Letters to the Editor

Faithful Catholics will make no compromise on abortion issue

Among Dr Niall Meehan’s assertions (July 25) is the pernicious falsehood that steadfastly opposing  abortion is a “denying of women’s rights”.

No man or woman has the so-called “right” to deliberately terminate the life of another – in this case the most vulnerable and defenceless of all our fellow human beings – the unborn girl or boy.

The Church’s unequivocal opposition to abortion goes back to the earliest times and has absolutely nothing to do with Dr Meehan’s alleged ‘coalition’ with Protestant fundamentalism. The fact that Protestant fundamentalists take the same view on abortion as the Catholic Church is coincidental.

I, as a priest, as Dr Meehan points out, have opposed for many years now the anti-Catholicism inherent in certain strands of Protestant extremism and I continue to do so. Likewise, I will also challenge the ideological anti-Catholicism displayed by those of Dr Meehan’s mindset. For whether he admits it or not, such prejudice is also present in his projected notions.

Dr Meehan fails to grasp a simple reality. The Church faithfully upholds an exacting standard towards which God calls human beings to aspire. The same God is loving, patient and merciful with human beings when they sin and when they fail.

The standards of God’s Law being exacting and challenging does not negate them. Their being unpopular and “unfashionable” does not in the least detract from their truthfulness. We must aspire towards them, even if we fail, again and again: “for though the upright fall seven times daily, they get up again; but the wicked stumble in adversity” (Proverbs 24:16).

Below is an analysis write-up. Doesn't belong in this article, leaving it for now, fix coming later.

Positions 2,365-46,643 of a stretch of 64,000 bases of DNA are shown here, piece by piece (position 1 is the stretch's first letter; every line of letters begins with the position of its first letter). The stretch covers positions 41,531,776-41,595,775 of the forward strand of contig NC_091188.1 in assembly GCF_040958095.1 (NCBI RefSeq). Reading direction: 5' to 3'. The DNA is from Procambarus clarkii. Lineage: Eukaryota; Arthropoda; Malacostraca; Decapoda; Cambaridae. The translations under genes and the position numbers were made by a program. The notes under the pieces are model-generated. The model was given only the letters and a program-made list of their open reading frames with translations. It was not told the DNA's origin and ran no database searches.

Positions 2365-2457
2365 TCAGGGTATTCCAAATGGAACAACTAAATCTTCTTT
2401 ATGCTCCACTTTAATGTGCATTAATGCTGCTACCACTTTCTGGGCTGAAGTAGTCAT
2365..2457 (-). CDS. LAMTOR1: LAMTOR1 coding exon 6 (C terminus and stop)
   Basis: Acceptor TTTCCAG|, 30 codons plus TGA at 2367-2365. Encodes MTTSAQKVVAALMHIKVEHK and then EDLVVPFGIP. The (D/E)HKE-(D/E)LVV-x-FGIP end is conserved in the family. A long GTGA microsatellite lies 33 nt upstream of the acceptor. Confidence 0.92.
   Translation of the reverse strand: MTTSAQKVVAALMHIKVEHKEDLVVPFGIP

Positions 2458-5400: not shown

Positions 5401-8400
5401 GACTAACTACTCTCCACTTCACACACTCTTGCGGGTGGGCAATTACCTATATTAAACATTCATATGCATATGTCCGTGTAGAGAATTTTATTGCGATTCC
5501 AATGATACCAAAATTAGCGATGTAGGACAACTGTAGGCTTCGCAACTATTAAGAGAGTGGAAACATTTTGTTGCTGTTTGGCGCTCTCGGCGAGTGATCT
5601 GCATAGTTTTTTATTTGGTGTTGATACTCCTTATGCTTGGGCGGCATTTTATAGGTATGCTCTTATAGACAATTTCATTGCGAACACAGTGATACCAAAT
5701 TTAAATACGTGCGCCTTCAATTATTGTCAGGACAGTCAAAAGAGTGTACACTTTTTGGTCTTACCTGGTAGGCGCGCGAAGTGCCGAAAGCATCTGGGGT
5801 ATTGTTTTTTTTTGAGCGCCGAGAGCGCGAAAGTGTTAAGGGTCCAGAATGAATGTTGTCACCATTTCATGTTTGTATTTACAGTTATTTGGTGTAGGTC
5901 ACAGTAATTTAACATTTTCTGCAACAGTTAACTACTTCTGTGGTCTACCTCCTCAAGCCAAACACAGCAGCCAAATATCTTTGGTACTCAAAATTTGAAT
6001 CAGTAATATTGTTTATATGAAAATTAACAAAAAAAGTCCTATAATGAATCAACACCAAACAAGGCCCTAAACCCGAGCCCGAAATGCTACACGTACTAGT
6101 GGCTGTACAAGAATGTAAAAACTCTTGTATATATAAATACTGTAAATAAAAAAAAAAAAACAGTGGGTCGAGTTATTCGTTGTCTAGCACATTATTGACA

Faithful Catholics will make no compromise on the issue of abortion with the spirit of this evil age. Abortion is a matter of life or death. To intentionally terminate the most defenceless among us, is indicative of  what is at the heart of human society, which must be rejected and opposed at every turn.

The hostility and mockery of the world holds no surprises for those who strive to be faithful to Jesus Christ and His Church. We will not draw back in any way from maintaining the standards of His Gospel.

Belfast BT12


Second World War conscription claims ill-founded

Brian Feeney asserts that during the Second Word War unionist politicians did not want conscription to be extended to Northern Ireland (July 25). 

If Dr Feeney  consults Dr Brian Barton’s book Brookeborough: The Making of a Prime Minister (1988) – in which this subject is dealt with at some length – he will find that his claim is ill-founded. 

Even before the outbreak of war the then Sir Basil Brooke, at that time a cabinet minister, complained that conscription legislation had not been extended to Northern Ireland; he spoke of “anger and hurt pride at the feeling of having been snubbed”.
In September 1940 Lord Craigavon, then prime minister, toyed with the idea of withdrawing employment benefit from those eligible for military service who had not volunteered.